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cf. B. Strassburger, Gesch. der Erziehung bei den
Israeliten, 1885, p. 7). The result of instruction
from the earliest years in the home, and of teaching
received on the Sabbath, and on the frequent oc-
casions of national festivals, is, according to the
Jewish historian, ' that if anybody do bub ask any
one of our people about our laws, he could more
easily tell them all than he could tell his own
name. For because of our having learned them as
soon as ever we became sensible of anything, we
have them as it were engraven on our souls ' (c. Ap.
ii. 19).

Education began, as Josephus says, 'with the
earliest infancy.' Philo speaks of Jewish youth
' being taught, so to speak, from their very swad-
dling clothes by parents and teachers and inspectors,
even before they receive instruction in the holy laws
and unwritten customs of their religion, to believe
in God the one Father and Creator of the world '
(Legat. ad Gaium, 16). ' From a babe thou hast
known the sacred writings,' writes St. Paul to
Timothy (2 Ti 3 15 ), recalling his disciple's early ac-
quaintance with the OT Scriptures. At the age of
six the Jewish boy would go to the elementary
school (Beth ha-Sepher), but before this he would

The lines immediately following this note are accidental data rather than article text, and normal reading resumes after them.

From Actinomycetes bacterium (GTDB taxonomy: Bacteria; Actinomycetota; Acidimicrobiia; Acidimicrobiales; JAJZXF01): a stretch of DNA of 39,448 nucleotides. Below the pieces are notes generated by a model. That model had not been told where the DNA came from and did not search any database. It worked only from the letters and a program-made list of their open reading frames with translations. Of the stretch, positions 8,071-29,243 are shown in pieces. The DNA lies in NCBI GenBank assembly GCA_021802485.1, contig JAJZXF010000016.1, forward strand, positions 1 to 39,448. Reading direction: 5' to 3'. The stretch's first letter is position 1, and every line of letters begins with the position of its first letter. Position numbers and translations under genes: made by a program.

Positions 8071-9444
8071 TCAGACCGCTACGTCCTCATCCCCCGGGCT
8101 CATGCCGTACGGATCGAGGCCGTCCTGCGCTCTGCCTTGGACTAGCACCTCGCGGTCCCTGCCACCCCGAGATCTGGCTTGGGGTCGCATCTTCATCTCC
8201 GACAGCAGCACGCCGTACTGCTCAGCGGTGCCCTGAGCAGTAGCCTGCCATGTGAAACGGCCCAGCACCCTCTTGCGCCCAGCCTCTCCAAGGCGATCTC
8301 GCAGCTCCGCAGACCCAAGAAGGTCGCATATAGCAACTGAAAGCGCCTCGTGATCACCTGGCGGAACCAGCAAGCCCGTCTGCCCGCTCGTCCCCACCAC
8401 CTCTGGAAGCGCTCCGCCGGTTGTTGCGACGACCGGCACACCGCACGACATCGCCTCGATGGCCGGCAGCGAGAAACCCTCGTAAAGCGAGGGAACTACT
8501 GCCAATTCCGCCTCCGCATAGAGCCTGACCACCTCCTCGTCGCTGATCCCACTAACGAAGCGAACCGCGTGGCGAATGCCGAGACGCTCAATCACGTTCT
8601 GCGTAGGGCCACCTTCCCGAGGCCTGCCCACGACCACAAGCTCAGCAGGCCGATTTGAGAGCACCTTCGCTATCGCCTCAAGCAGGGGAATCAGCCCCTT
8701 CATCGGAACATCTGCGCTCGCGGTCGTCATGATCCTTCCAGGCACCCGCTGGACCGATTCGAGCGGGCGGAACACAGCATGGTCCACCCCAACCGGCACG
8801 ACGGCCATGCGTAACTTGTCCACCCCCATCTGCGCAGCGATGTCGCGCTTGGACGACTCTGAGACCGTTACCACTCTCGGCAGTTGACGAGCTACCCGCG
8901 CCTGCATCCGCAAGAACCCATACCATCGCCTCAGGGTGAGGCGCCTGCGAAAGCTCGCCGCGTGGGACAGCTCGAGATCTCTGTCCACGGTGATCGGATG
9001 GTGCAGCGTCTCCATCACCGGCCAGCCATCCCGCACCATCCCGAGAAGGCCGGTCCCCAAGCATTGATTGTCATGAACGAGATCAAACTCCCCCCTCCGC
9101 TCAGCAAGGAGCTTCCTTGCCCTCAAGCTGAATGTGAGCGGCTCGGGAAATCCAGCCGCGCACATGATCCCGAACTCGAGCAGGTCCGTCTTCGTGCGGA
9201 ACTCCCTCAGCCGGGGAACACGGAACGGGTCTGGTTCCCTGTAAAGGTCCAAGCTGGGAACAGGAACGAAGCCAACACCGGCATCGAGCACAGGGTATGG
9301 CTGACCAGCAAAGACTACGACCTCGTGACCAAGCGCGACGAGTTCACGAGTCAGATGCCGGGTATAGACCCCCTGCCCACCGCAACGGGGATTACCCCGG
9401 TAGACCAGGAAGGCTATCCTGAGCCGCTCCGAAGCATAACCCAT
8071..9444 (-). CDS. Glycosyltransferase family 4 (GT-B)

have received lessons in Scripture from his parents
and have learned the Sh e md and the Hallel. From
the sixth to the tenth year he would make a study
of the Law, along with writing and arithmetic. At
the age of ten he would be admitted to the higher
VOL. I. 21

school (Beth ha-Midrash), where he would make the
acquaintance of the oral Law, beginning with the
Mishna, ' repetition,' the oral traditions of the Law.
At the age of thirteen he would be acknowledged
by a sort of rite of confirmation as a ' Son of the
Commandment' (Bar-misvah), and from this point
his further studies would depend upon the career
he was to follow in life. If he was to become a
Rabbi, he would continue his studies in the Law,
and, as Saul of Tarsus did, betake himself to some
famous teacher and sit at his feet as a disciple.

Although schools were thus in existence in con-
nexion with.the synagogues, it was not till compara-
tively late that schools, in the modern sense, for
the education of children by themselves, seem to
have been instituted (see art. ' Education ' in HDB).
They are said to have been first established by
Simon l>3u-Shetach in the 1st cent. B.C., but this
is disputed. However this may be, schools were

E laced upon a satisfactory and permanent footing
y Joshua bfin-Gamaliel, who is said to have been
high priest from A.D. 63 to 65, and who ordained
that teachers of youth should be placed in every
town and every village, and that children on arriv-
ing at school age should be sent to them for in-
struction. Of him it is said that if he had not lived,
the Law would have perished from Israel. The love
of sacred learning and the study of the Law in
synagogue and school saved the Jewish people from
extinction. When Jerusalem had been destroyed
and the Jewish population had been scattered after
the disastrous events of A.D. 70, the school accom-
panied the people into the lands of their dispersion.
Jamnia, between Joppa and Ashdod, then became
the headquarters of Jewish learning, and retained
the position till the unhappy close of Bar Cochba's
rebellion. The learned circle then moved north-
wards to Galilee, and Tiberias and Sepphoris
became seats of Rabbinical training. Wherever
the Jews were settled, the family gathering of the